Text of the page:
The New Orleans Pelicans are pleased to be playing better as they move forward without three key players sidelined by injuries.
But improved play has not translated to victories. The Pelicans’ past three games have been close, but their losing streak is now at seven.
After the Pelicans wasted a 35-point performance by guard Eric Gordon in a three-point home loss to Houston on Wednesday, coach Monty Williams had his team working on late-game situations in Friday’s practice.
“Turnovers down the stretch, they hurt you,” Williams said. “And I thought we didn’t handle Eric being trapped well. We have counters for that, and we didn’t handle it well.”
At 7 p.m. Saturday, the Pelicans (15-23) play Golden State for the third time this season. With Gordon succeeding in an expanded role to help make up some for the scoring lost after injuries to forward Ryan Anderson, point guard Jrue Holiday and swingman Tyreke Evans, the Pelicans know teams will adopt Houston’s plan of putting two players on Gordon to force him to pass.
The Pelicans did not make the Rockets pay. Gordon shot 11-of-17, including 6-of-9 on 3-pointers, and dished out six assists. The rest of the Pelicans shot 16-of-41 (34.0 percent), including 2-of-11 (18.2) on 3-point tries.
In the fourth quarter, Gordon was held to one shot. The rest of the Pelicans shot 6-of-16 and turned the ball over four times.
“We’re not that experienced toward the end of games,” Gordon said. “It’s going to be an adjustment. We all learn from that, and we’ll get better.”
The adjustment in Friday’s practice was about spacing, said Brian Roberts, who is starting at point guard. Holiday (fractured right tibia) is expected to be out for a month.
“Teams are going to try to trap Eric,” Roberts said. “For us, the other four on the floor, we have to do a better job of spacing and making ourselves available when they come to trap (Gordon) or blitz him.”
The Pelicans led for much of the recent games which, Roberts said, gives them something to build on.
“It’s frustrating to feel that you’re in control of games and, at some point, it just kind of shifts and a team finds a way to win,” he said. “But what’s encouraging is that we feel we’re getting better and we’re putting ourselves in position to win with this young group. The next step is to find a way to push through and get that win.”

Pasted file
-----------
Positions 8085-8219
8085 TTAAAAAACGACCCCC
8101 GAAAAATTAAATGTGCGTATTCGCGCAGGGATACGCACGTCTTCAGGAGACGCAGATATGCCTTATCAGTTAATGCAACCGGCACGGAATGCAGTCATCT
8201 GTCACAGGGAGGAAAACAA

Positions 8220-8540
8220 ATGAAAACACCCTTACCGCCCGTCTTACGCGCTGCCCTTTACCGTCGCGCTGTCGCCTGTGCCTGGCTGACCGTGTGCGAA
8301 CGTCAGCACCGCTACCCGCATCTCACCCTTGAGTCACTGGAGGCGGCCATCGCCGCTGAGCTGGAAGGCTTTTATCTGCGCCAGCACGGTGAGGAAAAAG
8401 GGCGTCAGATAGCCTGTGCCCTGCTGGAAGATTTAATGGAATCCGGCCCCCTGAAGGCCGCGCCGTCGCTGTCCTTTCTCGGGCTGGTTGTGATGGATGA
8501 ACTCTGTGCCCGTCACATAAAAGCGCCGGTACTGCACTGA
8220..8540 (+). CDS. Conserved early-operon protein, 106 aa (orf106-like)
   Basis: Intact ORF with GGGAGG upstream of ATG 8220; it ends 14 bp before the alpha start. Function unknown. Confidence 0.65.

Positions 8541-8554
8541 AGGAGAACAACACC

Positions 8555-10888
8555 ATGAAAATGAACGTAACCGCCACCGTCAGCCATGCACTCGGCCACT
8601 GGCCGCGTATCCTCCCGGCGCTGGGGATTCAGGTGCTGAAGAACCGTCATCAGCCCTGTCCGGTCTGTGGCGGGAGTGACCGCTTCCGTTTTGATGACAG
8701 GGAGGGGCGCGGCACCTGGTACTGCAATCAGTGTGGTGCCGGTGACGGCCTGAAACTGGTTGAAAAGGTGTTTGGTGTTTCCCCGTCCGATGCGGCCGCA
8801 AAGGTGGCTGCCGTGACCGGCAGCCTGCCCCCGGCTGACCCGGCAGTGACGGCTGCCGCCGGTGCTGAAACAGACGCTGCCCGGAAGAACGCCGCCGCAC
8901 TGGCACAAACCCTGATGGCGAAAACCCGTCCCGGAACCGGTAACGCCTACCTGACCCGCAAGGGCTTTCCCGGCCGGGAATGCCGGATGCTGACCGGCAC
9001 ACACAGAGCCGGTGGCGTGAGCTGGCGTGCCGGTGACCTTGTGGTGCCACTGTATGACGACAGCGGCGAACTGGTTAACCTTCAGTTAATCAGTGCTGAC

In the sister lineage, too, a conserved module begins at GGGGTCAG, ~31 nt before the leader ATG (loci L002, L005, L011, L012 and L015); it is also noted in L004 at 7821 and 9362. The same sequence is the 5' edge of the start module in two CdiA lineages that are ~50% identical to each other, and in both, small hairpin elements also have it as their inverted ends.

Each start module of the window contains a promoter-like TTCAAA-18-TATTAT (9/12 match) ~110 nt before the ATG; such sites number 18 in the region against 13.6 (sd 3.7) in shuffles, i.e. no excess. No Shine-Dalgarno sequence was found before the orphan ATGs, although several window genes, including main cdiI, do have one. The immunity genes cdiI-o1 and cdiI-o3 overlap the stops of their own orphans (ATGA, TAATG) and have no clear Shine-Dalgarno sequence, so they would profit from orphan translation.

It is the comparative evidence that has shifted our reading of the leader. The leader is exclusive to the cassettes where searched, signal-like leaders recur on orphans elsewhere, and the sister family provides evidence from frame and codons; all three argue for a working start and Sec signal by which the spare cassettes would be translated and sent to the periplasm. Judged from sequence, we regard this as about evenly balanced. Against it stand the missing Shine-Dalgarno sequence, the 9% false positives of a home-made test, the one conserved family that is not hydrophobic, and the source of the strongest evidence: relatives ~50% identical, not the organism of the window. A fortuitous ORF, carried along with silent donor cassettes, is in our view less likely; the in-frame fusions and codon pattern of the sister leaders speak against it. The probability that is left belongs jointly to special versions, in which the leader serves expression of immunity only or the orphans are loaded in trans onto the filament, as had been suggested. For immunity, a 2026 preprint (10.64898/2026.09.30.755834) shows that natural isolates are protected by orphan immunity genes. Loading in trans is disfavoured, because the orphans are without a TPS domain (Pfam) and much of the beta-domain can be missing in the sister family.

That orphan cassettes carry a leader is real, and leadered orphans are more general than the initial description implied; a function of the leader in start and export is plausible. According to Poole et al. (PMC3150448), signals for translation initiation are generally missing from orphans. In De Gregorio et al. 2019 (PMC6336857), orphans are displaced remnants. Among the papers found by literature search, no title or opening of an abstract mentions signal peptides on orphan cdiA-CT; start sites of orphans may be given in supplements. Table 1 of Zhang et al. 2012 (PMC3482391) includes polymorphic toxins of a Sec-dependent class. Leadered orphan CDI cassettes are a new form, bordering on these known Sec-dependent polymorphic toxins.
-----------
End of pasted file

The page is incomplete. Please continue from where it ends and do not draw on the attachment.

Having a consistent third option would help. Evans, who has a sprained left ankle and bone bruise, practiced Friday, but he’s likely a game-time decision for Saturday night.
Like Gordon, Evans is adept at driving to the basket. In particular, Evans flourishes on drives in transition, and that could provide 3-point opportunities for Gordon and others — something the team has sorely missed since Anderson went down with two herniated disks in his neck Jan. 3 at Boston.
For now, the ball is in the hands of Gordon, who has scored 20 points on more in five of the team’s past seven games.
Against Golden State, he likely will be guarded by shooting guard Klay Thompson, who’s 6-foot-7. If not Thompson, it will be small forward Andre Iguodala, who’s 6-6, a good defender and more athletic than Thompson.
There will be other challenges. Thompson (19.3 ppg) is second in the NBA in 3-pointers made, and he teams with likely All-Star Stephen Curry (23.0) to form the league’s highest-scoring backcourt.
Golden State, which was 25-15 going into Friday night’s game at Oklahoma City, had won 11 of its past 12 games before losing Wednesday at home to Denver.
The Warriors have beaten the Pelicans twice this season, including a 102-101 victory at the New Orleans Arena on Nov. 26 when a 3-pointer by Gordon rimmed out with 2 seconds left.
Roberts said the Pelicans just need to make it uncomfortable for the Warriors, who thrive on 3s by Curry and Thompson, particularly on the fast break.
“When they play a pretty, clean game, that’s when they excel,” Roberts said. “If we can be a little physical, try to get up on them on defense, we’ll give ourselves a chance.”